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What is the kabbalistic view on chametz?

by Rabbi Yossi Marcus


Library » Holidays » Passover | Subscribe | What is RSS?


Well, the difference between Chametz and Matzah is that chametz is bloated, which signifies arrogance, while the matzah is flat, signifying humility. So chametz gets a pretty bad rap.

The Zohar makes a pretty radical statement in saying that eating chametz on Passover is like bowing to idols, probably because arrogance is self-worship, a form of idolatry. The great kabbalist Arizal said that he who abstains from even a tiny bit of chametz over Passover is ensured that he will not sin [unintentionally] throughout the year.

"...eating chametz on Passover is like bowing to idols, probably because arrogance is self-worship, a form of idolatry...."
The Arizal also wrote a pretty interesting prayer to recite during the ritual of burning the chametz: “May it be your will, G-d…that just as I am destroying chametz from my home and my domain so shall all “outside forces” and the spirit of impurity be removed from the earth and may you remove our evil inclination from within us and give us a heart of flesh to serve you in truth and may all darkness and wickedness be consumed in smoke…Amen. Get the picture?1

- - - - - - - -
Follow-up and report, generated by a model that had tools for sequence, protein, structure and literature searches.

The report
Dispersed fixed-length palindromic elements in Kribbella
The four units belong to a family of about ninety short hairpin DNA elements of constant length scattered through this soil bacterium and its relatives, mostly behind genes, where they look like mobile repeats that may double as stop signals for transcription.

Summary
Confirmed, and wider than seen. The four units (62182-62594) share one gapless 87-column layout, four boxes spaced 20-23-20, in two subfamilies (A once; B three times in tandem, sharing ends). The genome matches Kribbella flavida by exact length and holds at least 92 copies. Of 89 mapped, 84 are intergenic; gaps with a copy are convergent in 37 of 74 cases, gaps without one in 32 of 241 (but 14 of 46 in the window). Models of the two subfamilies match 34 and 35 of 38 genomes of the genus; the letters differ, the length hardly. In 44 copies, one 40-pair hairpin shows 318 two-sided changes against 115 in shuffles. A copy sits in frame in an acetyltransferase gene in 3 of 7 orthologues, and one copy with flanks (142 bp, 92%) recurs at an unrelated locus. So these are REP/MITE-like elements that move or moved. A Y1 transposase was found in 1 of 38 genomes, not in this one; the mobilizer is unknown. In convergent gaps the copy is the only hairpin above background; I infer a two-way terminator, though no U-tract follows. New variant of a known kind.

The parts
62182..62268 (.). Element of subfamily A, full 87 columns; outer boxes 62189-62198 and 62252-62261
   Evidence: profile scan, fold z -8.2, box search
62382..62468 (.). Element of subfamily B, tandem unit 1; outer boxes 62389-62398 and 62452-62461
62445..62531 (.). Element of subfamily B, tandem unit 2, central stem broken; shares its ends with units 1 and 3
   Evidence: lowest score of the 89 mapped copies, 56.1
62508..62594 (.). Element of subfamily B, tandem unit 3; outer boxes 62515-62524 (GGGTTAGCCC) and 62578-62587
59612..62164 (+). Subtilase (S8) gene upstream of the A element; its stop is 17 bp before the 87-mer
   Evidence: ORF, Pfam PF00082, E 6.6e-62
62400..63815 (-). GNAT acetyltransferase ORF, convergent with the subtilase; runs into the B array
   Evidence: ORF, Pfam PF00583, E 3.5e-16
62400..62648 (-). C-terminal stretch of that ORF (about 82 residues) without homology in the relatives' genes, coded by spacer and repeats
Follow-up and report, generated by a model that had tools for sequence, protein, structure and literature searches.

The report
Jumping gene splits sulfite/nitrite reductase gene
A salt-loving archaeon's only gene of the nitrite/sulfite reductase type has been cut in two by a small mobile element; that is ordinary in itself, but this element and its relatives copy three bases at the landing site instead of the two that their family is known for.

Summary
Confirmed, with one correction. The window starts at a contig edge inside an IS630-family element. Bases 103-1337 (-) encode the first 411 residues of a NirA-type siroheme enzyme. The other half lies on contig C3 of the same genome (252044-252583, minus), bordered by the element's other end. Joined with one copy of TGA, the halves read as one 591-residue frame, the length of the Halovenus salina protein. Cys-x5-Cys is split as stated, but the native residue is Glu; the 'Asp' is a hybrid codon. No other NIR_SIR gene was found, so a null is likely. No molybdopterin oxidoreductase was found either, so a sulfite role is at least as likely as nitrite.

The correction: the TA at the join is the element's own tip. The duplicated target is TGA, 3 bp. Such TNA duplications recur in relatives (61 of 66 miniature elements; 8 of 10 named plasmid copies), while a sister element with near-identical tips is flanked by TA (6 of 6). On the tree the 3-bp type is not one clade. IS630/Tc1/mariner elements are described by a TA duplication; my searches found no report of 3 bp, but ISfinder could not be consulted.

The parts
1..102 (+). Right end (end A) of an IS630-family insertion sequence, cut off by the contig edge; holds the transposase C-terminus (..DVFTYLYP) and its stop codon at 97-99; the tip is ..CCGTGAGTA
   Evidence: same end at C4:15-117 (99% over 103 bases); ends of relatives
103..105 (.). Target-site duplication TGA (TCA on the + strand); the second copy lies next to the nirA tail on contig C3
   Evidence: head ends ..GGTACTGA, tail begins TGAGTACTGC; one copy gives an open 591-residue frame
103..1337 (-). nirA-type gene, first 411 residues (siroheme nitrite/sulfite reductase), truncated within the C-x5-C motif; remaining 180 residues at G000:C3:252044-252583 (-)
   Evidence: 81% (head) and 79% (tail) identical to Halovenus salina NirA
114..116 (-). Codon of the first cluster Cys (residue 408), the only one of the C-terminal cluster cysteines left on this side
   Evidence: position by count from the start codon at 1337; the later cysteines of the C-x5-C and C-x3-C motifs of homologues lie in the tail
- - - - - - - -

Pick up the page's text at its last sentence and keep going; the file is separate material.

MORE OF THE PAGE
See also Why is chametz only forbidden on Passover?


  • 1. Sources: Zohar 2:182a; Beer Heitev, Orach Chaim 447:1.


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Holidays » Passover » Chametz

Any leavened product which is produced from wheat, barley, rye, spelt or oats. This includes bread, cake, cereals, crackers, biscuits, yeast, pasta and whisky. It is forbidden for a Jew to possess or consume Chametz throughout Passover.
(pl. Matzot). Unleavened bread which is eaten on Passover, especially at the Passover Seder (feast), commemorating the Matzah which the Jews ate upon leaving Egypt. It consists of only flour and water and resembles a wheat cracker.
A Biblically mandated early-spring festival celebrating the Jewish exodus from Egypt in the year 1312 BCE.
The most basic work of Jewish mysticism. Authored by Rabbi Shimeon bar Yochai in the 2nd century.
Rabbi Isaac Luria, the 15th Century founder of Modern Kabbalah.
It is forbidden to erase or deface the name of G-d. It is therefore customary to insert a dash in middle of G-d's name, allowing us to erase or discard the paper it is written on if necessary.